Rates of prompt defibrillation and prompt epinephrine treatment increased over the study period from 65% to 75% and 81% to 90%, respectively (P for trend for both <0.001; Table I in the online-only Data Supplement).

Survival to Discharge

Prompt defibrillation and epinephrine administration in shockable and nonshockable IHCA, respectively, were associated with greater unadjusted rates of return to spontaneous circulation, 24-hour survival, survival to discharge with good neurological status, and overall survival to discharge compared with delayed treatment, with a larger magnitude of differences between prompt and delayed defibrillation in shockable IHCA than between prompt and delayed epinephrine administration in nonshockable IHCA (Table 3).

Table 3. Unadjusted Short-Term Survival Rates Among Patients With In-Hospital Cardiac Arrests Receiving Prompt Versus Delayed Treatment

Shockable (Ventricular Fibrillation or Ventricular Tachycardia)Nonshockable (Asystole or Pulseless Electric Activity)
Prompt Defibrillation (≤2 min)(n=5714), n (%)Delayed Defibrillation (>2 min) (n=2405), n (%)P ValuePrompt Epinephrine (≤5 min) (n=24 885), n (%)Delayed Epinephrine (>5 min)(n=3956), n (%)P Value
Survived initial arrest4151 (72.6)1325 (55.1)<0.00112 167 (48.9)1674 (42.3)<0.001
Survival 24 h after in-hospital cardiac arrest3459 (60.5)1038 (43.2)<0.0016938 (27.9)990 (25.0)<0.0001
Survival to discharge2247 (39.3)580 (24.1)<0.0012588 (10.4)322 (8.1)<0.0001
Survival to discharge with Cerebral Performance Category 1*1290 (22.6)320 (13.3)<0.0011000 (4.0)132 (3.3)0.04
Survival to discharge with Cerebral Performance Category 1 or 2*1977 (34.6)498 (20.7)<0.0011923 (7.7)247 (6.2)0.001

*Multiple imputation was used to impute 5.1% missing Cerebral Performance Category status data for shockable in-hospital cardiac arrest and 1.7% missing Cerebral Performance Category status for nonshockable in-hospital cardiac arrest.

Long-Term Survival

Among patients with a shockable IHCA, 1839 (22.7%) were alive at 1 year, and 1205 (16.8%) and 742 (12.8%) were alive at 3 and 5 years, respectively. Kaplan-Meier survival curves, stratified by the promptness of defibrillation, are displayed in Figure 2. Patients with prompt defibrillation had a higher unadjusted rate of 1-year survival compared with those with delayed defibrillation (25.7% [1466 of 5714] versus 15.5% [373 of 2405]). After risk adjustment, prompt defibrillation was associated with a 49% higher likelihood of being alive at 1 year after a shockable IHCA (adjusted relative risk [RR], 1.49; 95% confidence interval [CI], 1.32–1.69; P<0.0001). This survival advantage persisted at 3 years (19.1% [974 of 5089] versus 11.0% [231 of 2091]; adjusted RR, 1.45; 95% CI,: 1.23–1.69; P<0.0001) and at 5 years (14.7% [614 of 4175] versus 7.9% [128 of 1625]; adjusted RR, 1.50; 95% CI, 1.22–1.83; P<0.0001), with large absolute survival differences throughout (Table 4). The C statistic of the adjusted models ranged from 0.75 to 0.79 for the 3 survival time points. Sensitivity analyses show a graded increase in long-term survival with decreasing time to defibrillation, with survival benefits associated with time to defibrillation of ≤1 and 2 compared with >2 minutes extending to 5 years of follow-up (Table 5). Long-term survival with prompt defibrillation in shockable IHCA was not different by location of IHCA (Table II in the online-only Data Supplement).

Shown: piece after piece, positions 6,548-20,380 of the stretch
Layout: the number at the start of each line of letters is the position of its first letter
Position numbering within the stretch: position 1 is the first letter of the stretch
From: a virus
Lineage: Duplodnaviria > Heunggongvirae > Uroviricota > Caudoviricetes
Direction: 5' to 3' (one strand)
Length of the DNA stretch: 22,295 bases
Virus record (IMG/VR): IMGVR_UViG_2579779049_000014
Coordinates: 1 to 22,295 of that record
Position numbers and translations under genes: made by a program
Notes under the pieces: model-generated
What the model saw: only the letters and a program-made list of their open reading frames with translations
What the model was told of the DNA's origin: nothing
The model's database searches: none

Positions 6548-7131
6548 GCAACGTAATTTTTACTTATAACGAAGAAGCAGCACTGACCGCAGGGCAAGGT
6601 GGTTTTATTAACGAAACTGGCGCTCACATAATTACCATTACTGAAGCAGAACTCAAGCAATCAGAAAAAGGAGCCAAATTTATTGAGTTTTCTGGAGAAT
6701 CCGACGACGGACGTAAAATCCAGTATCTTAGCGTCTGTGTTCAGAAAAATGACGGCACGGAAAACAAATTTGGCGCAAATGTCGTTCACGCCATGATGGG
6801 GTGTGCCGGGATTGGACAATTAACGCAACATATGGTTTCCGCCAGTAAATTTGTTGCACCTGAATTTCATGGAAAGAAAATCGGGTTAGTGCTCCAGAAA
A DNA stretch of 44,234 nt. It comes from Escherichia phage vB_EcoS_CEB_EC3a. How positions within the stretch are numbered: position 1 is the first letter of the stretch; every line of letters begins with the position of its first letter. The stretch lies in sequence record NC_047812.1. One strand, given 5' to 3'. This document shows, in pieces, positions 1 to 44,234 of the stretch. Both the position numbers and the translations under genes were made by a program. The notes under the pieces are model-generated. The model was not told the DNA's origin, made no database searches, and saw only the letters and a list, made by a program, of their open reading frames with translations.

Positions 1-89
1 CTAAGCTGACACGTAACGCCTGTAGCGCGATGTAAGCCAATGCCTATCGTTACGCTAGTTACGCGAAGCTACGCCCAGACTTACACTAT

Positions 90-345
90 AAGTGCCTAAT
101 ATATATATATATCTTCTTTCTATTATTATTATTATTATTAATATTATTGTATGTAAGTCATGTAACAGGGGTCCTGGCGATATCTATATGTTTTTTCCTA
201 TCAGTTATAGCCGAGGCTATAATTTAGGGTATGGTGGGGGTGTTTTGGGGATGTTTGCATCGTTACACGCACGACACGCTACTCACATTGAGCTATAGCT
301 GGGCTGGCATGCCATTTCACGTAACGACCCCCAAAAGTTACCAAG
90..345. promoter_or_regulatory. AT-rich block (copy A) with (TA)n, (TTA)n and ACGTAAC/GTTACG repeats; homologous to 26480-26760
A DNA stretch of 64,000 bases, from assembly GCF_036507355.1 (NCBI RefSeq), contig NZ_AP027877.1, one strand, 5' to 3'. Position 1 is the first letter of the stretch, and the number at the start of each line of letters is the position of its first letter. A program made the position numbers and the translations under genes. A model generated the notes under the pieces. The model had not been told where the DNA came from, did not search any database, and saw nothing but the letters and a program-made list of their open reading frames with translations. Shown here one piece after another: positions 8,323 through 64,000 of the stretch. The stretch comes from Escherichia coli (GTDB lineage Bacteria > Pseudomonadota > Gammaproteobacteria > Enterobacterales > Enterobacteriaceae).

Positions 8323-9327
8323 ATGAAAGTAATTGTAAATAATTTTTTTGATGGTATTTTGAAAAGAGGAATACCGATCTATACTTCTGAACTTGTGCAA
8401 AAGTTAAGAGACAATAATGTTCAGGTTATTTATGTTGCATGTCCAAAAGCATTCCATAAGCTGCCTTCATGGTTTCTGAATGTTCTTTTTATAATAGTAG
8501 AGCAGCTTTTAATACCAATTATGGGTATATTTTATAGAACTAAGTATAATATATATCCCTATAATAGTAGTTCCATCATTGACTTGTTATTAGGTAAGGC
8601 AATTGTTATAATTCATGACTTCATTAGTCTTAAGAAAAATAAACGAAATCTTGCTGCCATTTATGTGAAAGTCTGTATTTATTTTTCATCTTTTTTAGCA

Table 4. Long-Term Survival for In-Hospital Cardiac Arrests, by Timeliness of Treatment

Shockable (Ventricular Fibrillation or Ventricular Tachycardia)Nonshockable (Asystole or Pulseless Electric Activity)
Unadjusted Rate of Survival, n (%)Adjusted RR* (95% CI)P ValueUnadjusted Rate of Survival, n (%)Adjusted RR* (95% CI)P Value
Prompt Defibrillation (≤2 min)Delayed Defibrillation (>2 min)Prompt Epinephrine (≤5 min)Delayed Epinephrine (>5 min)
1-y survival1466/5714 (25.7)373/2405 (15.5)1.49 (1.32–1.69)<0.00011341/24 885 (5.4)168/3957 (4.2)1.20 (1.02–1.41)0.02
3-y survival974/5089 (19.1)231/2091 (11.0)1.45 (1.23–1.69)<0.0001733/20 868 (3.5)100/3476 (2.9)1.17 (0.95–1.45)0.15
5-y survival614/4175 (14.7)128/1625 (7.9)1.50 (1.22–1.83)<0.0001380/16 281 (2.3)54/2782 (1.9)1.18 (0.88–1.58)0.27

CI indicates confidence interval.

*Relative risks were calculated with hierarchical multivariable modified Poisson regression model adjusted for site as a random effect (hierarchical level) and patient factors included in Tables 1 and 2 as fixed effects.

For 3- and 5-year survival, only patients with an in-hospital cardiac arrest in Get With the Guidelines–Resuscitation between 2000 and 2009 and between 2000 and 2007 were analyzed to ensure 3 and 5 years of vital status follow-up, respectively.

Table 5. Long-Term Survival for In-Hospital Cardiac Arrests, by Timeliness of Treatment

Shockable (Ventricular Fibrillation or Ventricular Tachycardia)Nonshockable (Asystole or Pulseless Electric Activity)